In response to the City of Adelaide's planned driver's month this November, CityMag reached out to four CBD business owners for their take on the idea aimed at bringing patronage back to the city, and how they think it could be done better.
What could be better than driver’s month?
City of Adelaide central ward councillor and gallery owner, Jessy Khera, tells CityMag his idea for a driver’s month this November isn’t “terribly controversial”.
“This isn’t something anti-bus or anti-bike,” he says, “it’s about asking members of the public to reconsider coming back into the city.”
Revisit CityMag’s story on the City of Adelaide’s ‘driver’s month’ motion here.
Late into that Tuesday night meeting two weeks ago, councillors not affiliated with Team Adelaide fought against the motion. Councillor Robert Simms said it was “loony” and “needs to be opposed”.
The following day, our sister publication InDaily published an opinion piece from editorial director David Washington, titled “This might be the most stupid decision in the city council’s history”, which spurred an inundation of correspondence mostly in agreement with David’s assessment.
The motion might be a bit more controversial than Jessy thinks.
Driver’s month intends to help businesses in the city doing it tough because of COVID-19.
Making the city more favourable to car owners, by offering the chance to win $100 parking vouchers for people who use the Park Adelaide app and requesting that the state government increase speed limits in the parklands to 60km, will lead to more people in the city. Or so the thinking goes.
CityMag wholeheartedly agrees that more people in the CBD will mean more dollars in the tills of our favourite city shops and venues. We just don’t think a month of increased traffic is the way to do it.
In our six and a bit years of reportage in postcode 5000, we’ve known Adelaide traders to be a smart and forward-thinking bunch, and so we reached out to a few of them to get some alternative ideas for the city’s recovery.
EcoCaddy founder Daniels Langeberg
Environmentally friendly transport in the city.
Keep an eye on socials for when they’re offering rides.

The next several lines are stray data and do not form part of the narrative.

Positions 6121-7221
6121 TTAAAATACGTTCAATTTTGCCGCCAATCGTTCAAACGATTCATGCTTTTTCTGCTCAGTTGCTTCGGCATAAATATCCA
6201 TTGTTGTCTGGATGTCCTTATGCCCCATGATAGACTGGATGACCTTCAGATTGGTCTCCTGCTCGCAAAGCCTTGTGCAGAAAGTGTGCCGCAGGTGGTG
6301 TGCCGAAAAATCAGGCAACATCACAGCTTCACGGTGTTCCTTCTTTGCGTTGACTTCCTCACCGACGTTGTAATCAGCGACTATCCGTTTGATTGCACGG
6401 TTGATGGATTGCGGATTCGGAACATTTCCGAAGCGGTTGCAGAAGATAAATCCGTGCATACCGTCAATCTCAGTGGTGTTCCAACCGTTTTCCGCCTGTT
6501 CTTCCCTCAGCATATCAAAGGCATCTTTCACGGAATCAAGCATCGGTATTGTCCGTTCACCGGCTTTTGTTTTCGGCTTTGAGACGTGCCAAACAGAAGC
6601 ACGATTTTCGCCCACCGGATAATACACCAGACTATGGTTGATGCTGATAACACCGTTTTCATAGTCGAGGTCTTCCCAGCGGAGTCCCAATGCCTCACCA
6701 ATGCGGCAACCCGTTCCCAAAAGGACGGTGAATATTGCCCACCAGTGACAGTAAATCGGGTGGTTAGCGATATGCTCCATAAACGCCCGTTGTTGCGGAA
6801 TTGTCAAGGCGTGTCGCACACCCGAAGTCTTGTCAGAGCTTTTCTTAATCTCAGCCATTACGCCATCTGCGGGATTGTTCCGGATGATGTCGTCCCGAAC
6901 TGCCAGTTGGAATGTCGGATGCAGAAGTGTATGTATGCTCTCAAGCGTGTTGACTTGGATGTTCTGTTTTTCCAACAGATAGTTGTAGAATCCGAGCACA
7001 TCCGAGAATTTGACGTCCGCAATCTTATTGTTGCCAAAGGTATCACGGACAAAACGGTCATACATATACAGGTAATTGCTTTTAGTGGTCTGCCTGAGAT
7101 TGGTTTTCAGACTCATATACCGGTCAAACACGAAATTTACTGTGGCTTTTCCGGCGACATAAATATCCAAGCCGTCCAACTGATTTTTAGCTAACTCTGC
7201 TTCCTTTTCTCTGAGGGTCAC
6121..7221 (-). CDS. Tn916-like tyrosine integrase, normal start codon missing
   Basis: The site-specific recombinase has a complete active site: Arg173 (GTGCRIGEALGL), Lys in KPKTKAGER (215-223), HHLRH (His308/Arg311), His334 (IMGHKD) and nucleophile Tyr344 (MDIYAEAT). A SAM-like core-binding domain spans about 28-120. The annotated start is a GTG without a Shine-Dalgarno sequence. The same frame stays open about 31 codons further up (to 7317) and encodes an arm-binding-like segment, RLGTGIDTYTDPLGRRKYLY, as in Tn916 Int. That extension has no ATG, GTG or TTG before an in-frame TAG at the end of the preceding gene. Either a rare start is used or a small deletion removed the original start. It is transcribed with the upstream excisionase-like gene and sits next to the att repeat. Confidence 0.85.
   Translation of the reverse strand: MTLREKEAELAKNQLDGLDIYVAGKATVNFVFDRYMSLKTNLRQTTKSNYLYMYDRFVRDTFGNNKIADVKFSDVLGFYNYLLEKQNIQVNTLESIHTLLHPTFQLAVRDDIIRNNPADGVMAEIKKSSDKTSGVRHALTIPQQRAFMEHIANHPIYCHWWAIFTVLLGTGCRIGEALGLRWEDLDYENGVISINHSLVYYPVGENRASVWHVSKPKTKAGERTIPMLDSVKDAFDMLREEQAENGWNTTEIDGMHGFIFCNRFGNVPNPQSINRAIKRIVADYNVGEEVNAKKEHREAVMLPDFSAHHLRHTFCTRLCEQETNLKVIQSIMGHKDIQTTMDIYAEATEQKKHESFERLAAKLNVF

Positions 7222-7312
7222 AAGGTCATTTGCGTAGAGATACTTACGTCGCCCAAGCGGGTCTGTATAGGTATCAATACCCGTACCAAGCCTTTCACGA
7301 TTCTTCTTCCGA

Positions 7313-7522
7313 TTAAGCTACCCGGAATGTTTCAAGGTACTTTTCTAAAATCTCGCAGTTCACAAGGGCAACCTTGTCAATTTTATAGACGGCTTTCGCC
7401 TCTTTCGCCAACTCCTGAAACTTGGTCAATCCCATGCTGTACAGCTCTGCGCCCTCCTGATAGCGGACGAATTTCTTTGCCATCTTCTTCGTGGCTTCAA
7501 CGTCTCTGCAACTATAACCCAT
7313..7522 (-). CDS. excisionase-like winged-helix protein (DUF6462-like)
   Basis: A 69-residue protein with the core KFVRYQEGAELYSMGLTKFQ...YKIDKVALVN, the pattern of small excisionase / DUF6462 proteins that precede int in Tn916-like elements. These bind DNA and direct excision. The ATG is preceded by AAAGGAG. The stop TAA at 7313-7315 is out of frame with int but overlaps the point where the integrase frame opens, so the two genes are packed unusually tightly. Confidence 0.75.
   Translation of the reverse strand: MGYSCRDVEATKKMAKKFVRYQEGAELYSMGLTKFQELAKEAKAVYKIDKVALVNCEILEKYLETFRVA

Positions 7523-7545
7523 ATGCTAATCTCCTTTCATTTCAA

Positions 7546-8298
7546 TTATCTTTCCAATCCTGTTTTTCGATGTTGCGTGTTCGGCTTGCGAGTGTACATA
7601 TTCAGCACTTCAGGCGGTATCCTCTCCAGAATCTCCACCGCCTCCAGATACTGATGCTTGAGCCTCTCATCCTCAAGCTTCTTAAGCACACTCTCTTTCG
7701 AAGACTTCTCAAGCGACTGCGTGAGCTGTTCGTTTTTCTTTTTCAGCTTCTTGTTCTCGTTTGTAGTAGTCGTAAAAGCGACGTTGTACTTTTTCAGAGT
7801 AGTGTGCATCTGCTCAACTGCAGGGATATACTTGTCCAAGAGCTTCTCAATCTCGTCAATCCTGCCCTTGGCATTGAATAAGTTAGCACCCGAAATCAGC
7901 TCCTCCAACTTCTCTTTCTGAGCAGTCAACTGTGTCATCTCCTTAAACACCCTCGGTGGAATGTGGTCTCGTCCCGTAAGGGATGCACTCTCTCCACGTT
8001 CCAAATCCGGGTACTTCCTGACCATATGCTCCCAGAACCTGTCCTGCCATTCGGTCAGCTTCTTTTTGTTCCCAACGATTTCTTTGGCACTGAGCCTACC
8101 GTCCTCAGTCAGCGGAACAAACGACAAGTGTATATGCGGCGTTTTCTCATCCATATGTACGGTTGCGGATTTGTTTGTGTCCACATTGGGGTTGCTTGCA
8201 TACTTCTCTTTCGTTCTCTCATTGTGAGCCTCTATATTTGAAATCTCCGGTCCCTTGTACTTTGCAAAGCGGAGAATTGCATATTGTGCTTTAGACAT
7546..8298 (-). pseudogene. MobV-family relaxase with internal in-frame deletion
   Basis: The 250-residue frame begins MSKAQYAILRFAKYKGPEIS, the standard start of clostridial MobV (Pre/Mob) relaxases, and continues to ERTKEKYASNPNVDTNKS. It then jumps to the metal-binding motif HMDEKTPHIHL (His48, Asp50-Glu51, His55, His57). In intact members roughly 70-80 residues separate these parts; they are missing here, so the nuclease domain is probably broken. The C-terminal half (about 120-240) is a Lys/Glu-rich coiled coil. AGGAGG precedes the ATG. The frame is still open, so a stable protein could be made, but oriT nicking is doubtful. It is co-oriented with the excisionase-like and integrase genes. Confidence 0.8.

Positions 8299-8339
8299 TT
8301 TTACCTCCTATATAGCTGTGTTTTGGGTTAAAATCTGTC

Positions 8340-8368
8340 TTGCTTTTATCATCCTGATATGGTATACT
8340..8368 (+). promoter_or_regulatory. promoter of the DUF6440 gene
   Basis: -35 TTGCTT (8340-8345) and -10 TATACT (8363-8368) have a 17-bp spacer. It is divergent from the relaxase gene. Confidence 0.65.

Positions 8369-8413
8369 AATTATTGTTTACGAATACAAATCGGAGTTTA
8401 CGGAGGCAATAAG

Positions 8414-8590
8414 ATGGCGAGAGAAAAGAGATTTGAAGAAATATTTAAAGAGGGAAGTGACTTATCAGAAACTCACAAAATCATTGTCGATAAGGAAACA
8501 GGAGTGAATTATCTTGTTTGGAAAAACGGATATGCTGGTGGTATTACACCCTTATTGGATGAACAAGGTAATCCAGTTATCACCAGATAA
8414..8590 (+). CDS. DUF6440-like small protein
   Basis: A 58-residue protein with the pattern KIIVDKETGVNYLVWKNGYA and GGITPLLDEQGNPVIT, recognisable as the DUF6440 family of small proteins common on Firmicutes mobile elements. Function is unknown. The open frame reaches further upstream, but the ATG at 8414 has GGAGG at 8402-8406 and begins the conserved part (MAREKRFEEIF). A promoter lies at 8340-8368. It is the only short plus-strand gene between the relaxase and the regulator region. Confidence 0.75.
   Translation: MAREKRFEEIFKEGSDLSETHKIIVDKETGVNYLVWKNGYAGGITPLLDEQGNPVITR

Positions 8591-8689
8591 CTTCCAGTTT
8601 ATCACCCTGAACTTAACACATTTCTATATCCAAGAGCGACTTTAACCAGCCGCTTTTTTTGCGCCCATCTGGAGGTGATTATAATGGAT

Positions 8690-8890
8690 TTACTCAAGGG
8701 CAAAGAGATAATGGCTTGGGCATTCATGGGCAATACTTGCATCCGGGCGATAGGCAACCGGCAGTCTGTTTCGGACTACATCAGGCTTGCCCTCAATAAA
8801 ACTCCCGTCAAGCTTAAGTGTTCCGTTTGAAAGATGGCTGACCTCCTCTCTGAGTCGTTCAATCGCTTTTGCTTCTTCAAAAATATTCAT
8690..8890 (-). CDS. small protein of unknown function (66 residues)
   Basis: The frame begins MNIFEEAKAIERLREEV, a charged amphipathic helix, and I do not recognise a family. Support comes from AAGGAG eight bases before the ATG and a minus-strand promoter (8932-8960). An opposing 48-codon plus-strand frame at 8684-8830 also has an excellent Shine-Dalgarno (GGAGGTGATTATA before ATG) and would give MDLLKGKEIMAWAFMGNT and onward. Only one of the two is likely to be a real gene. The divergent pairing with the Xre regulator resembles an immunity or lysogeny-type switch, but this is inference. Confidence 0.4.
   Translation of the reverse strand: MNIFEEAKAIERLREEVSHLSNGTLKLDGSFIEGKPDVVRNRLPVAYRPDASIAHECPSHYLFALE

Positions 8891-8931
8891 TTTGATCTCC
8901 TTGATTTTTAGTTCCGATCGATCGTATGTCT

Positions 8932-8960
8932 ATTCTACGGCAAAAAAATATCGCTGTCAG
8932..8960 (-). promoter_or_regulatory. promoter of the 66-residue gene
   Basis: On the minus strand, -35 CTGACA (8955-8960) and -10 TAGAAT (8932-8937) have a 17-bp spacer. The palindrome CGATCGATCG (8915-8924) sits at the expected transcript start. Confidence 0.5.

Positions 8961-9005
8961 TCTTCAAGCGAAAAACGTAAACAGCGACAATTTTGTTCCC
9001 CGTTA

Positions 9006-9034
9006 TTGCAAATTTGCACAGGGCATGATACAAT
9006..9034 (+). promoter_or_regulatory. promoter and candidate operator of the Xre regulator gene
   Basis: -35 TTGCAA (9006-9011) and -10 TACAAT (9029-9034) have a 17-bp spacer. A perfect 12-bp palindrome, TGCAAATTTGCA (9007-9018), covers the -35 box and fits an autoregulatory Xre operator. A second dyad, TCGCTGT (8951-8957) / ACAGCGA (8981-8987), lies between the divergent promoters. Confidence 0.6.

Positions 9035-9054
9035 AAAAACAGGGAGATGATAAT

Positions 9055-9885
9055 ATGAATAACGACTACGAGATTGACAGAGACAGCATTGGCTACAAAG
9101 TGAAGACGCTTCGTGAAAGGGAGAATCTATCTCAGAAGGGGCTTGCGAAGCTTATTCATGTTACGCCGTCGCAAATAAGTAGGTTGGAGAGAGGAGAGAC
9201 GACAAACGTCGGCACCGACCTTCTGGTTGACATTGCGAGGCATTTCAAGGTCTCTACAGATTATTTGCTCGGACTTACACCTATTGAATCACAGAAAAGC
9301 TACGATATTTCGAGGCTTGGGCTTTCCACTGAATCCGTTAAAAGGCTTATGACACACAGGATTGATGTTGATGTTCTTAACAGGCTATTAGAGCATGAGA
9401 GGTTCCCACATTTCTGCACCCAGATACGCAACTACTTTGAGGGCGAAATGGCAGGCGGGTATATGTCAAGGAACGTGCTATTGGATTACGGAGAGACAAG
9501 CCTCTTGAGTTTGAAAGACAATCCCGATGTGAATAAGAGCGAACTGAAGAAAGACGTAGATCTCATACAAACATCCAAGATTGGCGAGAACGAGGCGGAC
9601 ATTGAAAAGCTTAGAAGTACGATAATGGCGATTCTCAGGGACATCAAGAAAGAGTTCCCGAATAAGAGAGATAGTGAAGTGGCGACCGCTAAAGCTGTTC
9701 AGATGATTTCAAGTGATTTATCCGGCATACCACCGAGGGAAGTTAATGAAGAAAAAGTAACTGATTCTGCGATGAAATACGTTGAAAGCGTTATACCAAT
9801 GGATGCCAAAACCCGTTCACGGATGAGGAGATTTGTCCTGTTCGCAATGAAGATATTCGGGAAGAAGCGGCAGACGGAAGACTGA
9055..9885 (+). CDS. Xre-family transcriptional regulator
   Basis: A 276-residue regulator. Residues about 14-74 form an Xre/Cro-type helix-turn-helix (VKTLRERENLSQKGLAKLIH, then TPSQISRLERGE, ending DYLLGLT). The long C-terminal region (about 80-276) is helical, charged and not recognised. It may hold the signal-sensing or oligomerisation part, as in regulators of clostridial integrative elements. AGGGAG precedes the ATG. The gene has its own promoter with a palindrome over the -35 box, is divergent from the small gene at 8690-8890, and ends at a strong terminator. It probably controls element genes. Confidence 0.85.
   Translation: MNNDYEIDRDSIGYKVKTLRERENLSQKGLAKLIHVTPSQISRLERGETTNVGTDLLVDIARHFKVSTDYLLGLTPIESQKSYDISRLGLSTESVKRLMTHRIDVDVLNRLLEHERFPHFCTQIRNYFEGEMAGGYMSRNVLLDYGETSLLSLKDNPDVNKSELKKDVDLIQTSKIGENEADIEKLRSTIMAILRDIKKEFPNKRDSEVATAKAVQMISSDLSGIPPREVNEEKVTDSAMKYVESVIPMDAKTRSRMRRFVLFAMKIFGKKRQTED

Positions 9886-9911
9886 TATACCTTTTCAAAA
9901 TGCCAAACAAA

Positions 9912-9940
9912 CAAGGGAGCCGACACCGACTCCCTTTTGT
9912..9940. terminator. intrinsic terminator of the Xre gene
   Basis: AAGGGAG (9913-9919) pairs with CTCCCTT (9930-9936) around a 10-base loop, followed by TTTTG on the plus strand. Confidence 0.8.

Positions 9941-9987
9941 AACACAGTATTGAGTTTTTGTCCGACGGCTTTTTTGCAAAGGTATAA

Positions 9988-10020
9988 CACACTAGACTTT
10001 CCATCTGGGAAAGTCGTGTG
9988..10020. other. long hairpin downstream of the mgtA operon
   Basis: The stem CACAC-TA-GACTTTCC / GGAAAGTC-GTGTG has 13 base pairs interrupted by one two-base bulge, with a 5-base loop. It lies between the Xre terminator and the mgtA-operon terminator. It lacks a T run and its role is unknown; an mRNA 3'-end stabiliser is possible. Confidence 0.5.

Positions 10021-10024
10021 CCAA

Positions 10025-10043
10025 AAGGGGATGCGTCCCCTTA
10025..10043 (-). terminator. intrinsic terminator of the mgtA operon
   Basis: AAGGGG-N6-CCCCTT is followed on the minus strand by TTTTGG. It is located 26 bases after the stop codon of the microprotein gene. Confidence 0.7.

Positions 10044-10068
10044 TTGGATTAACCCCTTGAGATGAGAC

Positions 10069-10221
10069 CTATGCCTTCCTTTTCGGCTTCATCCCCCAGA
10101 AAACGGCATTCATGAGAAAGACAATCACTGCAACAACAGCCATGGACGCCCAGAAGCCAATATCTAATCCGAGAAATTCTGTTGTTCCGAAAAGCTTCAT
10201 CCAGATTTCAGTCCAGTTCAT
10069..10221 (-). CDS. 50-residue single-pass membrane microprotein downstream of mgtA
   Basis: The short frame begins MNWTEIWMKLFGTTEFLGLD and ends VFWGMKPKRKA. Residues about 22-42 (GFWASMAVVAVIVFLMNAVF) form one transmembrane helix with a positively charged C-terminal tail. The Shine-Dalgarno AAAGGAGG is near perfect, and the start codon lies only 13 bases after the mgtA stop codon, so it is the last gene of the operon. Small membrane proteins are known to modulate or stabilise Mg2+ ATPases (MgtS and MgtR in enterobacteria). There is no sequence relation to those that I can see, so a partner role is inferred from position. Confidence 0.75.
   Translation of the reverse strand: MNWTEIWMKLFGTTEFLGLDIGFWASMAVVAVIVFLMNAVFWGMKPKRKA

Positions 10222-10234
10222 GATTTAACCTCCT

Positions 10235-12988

It’s no surprise urban planning expert and cycling advocate Daniels Langeberg does not support driver’s month.
It’s a knee-jerk reaction, Daniels tells CityMag, and the City of Adelaide should focus on developing patterns of behaviour with long-lasting effects, rather than short-term experiments.
“Doing something over a month isn’t going to help, particularly if there’s no long-game,” Daniels explains.
“I would like to see Adelaide City Council go ‘Okay, well, we need to activate the city, so let’s spend the money in working out how we can work with public transport, make cycling lanes that are temporary that that get people in and out of the city really easily.’
“The good thing is that we have great cycleways through the parklands to do that. We need to be able to show people how they can use those cycling lanes to get into the city so that needs to be a part of the promotion.”
Daniels points out that during the pandemic bicycle sales have spiked.
Cities around the world responded to the popularity of the hygienic transportation option by establishing temporary bicycle lanes, such as Paris, which created 650km bikeways. It’s only natural if you’re on a bike to take in the scenery, Daniels said, and support your local shop or pub as a pit stop.
Councillor Robert Simms suggested temporary bike lanes multiple times over the last few months in council, but received no support. Daniels would like this idea to be seriously considered.